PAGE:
Like many stories about ordinary Filipinos during the early colonial era, the history of the Chabacano language is under-researched. The Spaniards studied many Philippine languages but they were not very interested in the heavily Spanish-influenced language that emerged during their occupation of the country. The few accounts that mentioned Chabacano usually dismissed it as merely “broken” or “bad Spanish” and that attitude persists to this day. The word Chabacano itself is a Spanish word that means vulgar, common or rude and because of this, some Chabacano speakers prefer to spell the word as Chavacano or they refer to the language according to where it is spoken; calling it Zamboangueño, Caviteño, Ternateño, etc.
Linguists began proper studies of the various dialects of Chabacano in the last century but the dearth of historical records has made studying their origins rather difficult. This has left the door open for many wannabe historians to confuse matters with several conflicting folk tales.
Chabacano in Cavite
The various dialects of Chabacano were formed out of necessity, like all languages, though scholars and laypersons disagree about exactly when and where it all began. Most believe that the seeds of the earliest form of Chabacano were planted in Cavite when many ethnic groups from throughout the Philippines and Christian Malays from Ternate in the Spice Islands (now a part of Indonesia) were brought together in 1574 to help defend Manila against an expected attack from the forces of the Chinese pirate, Limahong. The various language groups working at the Cavite naval base needed a way to communicate with each other and with the soldiers who were barking the orders in less-than-genteel Spanish. It was from this situation that Chabacano began as a simplified form of Spanish – a pidgin language that later developed into a mixed, or creole language. The fact that the first Chabacanos learned their Spanish from the coarse language of soldiers is probably why they were called Chabacanos in the first place and why speakers of “proper Spanish” never regarded them as equals.
However, some historians disagree with parts of this story and say that Chabacano did not emerge until almost a century later when Catholic Malays settled in Cavite after the Spaniards had abandoned the Spice Islands to the Dutch in 1662. These Malays, known as the Mardicas (likely from the Malay word merdeka meaning “free”), settled in the town that now shares the name of their original homeland, Ternate. They joined with many other language groups to defend Manila from yet another Chinese warlord, Koxinga (Zheng Chenggong).
Chabacano in Zamboanga
|Major areas where Chabacano is spoken – from chabacano.iespana.es|
Today, Chabacano speakers are a small minority in Ternate, Cavite and Cavite City, and their numbers are dwindling. Another dialect of Chabacano that was once spoken in the Ermita district of Manila is now extinct. However, in Zamboanga City, about half the population of almost 600,000 still speak their own dialect of the language. Zamboangueño can be heard on television and radio, and read in newspapers and magazines. It is also spoken outside the city, throughout the lower half of the Zamboanga Peninsula and in places on the nearby island of Basilan. There are also dialects of Chabacano in Cotobato and Davao, though the Davao dialect has almost disappeared.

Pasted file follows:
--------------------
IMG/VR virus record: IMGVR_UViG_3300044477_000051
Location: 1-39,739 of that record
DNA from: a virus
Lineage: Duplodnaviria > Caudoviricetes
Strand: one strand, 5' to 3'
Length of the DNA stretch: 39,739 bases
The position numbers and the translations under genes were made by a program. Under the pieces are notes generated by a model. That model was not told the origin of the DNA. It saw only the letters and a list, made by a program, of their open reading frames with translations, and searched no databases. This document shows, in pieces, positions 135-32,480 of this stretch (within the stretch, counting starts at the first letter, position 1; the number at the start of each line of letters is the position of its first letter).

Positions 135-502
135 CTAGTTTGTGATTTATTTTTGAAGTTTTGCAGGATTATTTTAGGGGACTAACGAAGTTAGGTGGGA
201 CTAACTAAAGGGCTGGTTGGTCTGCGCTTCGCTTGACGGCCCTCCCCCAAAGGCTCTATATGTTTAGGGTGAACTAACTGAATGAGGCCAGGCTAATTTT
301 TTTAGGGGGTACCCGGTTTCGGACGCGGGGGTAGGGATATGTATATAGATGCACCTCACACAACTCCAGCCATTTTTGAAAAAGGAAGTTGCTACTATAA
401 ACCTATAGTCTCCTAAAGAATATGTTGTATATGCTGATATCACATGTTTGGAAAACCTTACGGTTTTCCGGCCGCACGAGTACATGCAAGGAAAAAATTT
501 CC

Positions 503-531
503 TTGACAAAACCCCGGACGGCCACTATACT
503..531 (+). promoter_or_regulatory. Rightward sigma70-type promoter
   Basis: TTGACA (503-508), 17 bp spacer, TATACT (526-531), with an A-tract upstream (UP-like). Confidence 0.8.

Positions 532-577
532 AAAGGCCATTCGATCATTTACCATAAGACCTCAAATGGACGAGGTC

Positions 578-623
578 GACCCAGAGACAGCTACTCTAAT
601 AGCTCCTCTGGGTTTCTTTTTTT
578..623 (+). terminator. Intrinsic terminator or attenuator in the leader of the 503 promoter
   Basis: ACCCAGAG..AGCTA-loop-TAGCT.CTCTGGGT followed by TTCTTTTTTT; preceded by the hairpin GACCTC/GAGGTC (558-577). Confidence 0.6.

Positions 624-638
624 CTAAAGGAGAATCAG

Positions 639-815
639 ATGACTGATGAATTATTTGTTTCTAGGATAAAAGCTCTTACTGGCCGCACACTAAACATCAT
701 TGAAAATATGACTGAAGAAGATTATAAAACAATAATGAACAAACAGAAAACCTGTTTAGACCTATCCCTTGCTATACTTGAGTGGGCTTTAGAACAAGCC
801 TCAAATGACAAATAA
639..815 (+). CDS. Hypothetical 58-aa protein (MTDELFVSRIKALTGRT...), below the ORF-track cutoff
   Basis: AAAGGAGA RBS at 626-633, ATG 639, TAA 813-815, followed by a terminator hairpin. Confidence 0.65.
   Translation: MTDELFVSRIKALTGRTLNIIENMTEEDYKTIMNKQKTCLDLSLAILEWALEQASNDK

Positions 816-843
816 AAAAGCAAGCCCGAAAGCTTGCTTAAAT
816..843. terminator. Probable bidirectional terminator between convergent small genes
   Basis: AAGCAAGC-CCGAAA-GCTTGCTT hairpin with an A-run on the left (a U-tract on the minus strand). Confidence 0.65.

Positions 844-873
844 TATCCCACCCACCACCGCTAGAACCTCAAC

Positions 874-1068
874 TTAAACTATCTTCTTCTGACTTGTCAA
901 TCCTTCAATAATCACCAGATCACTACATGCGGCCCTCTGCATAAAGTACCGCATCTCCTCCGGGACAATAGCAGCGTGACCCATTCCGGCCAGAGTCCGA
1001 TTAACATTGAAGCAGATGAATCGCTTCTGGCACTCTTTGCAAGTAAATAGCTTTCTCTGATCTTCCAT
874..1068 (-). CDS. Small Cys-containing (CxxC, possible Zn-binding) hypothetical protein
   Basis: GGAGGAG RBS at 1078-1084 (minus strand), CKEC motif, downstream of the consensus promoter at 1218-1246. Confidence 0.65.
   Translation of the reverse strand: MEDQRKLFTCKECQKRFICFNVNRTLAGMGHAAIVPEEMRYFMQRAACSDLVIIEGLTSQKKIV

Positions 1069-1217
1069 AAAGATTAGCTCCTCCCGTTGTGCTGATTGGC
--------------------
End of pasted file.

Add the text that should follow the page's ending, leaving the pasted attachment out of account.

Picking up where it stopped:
The origin story of Zamboangueño follows the same pattern as Chabacano in Cavite and it is just as debatable. Some popular histories mark the origin of this Chabacano dialect with an exact date – June 23, 1635 – as though the language was created spontaneously overnight. That was the date when the Spaniards established Fort San Jose at the current location of Zamboanga City. It also had a polyglot complement of workers who received their orders from Mexican and Spanish soldiers.
However, Spain held Fort San Jose for only 27 years. In 1662, its soldiers were called back to Cavite as part of the general consolidation of forces that was needed to defend Manila against Koxinga. The Spaniards abandoned the fort to their Muslim rivals until they could return in 1719 to rebuild it and rename it Fort Pilar.
During the reconstruction, masons from Cavite, including Chabacanos, were brought to the fort to work with migrant labourers from Cebu, Iloilo and some of the local ethnic groups such as the Samals, Subanons and possibly, some escaped Muslim slaves. Just as in Cavite in the century before, these various language groups needed to communicate with each other and with their Spanish and Mexican bosses. Eventually, the most successful dialect of Chabacano was developed – Zamboangueño.
What is Chabacano?
Chabacano is what linguists call a creole, which is a language that is formed when two or more languages have been mixed together. Chabacano has a predominantly Spanish vocabulary but its grammatical structures are based on local languages. For example, like all other Philippine languages, it does not follow the gender rules of Spanish. The masculine el (for the) is often used where the feminine la should be used, though la does exist in Chabacano. The plural forms, los and las are usually expressed with the neutral Tagalog particle mga, which is often pronounced maga or mana. In the case of Zamboangueño, plural personal pronouns such as kame, kita, kamo, sila and other basic words are taken from Cebuano rather than Spanish. The chart below (from Wikipedia) contains translations of the Lord’s Prayer, which show just some of the differences between Spanish and three major dialects of Chabacano.
Padre nuestro que estás en el Cielo,
Danos hoy nuestro pan de cada día,
Tata de amon talli na cielo,
Dale kanamon el pan para cada dia.
Niso Tata Qui ta na cielo,
Dali con niso ahora,
Padri di mijotru ta allí na cielo,
Dali con mijotro esti día
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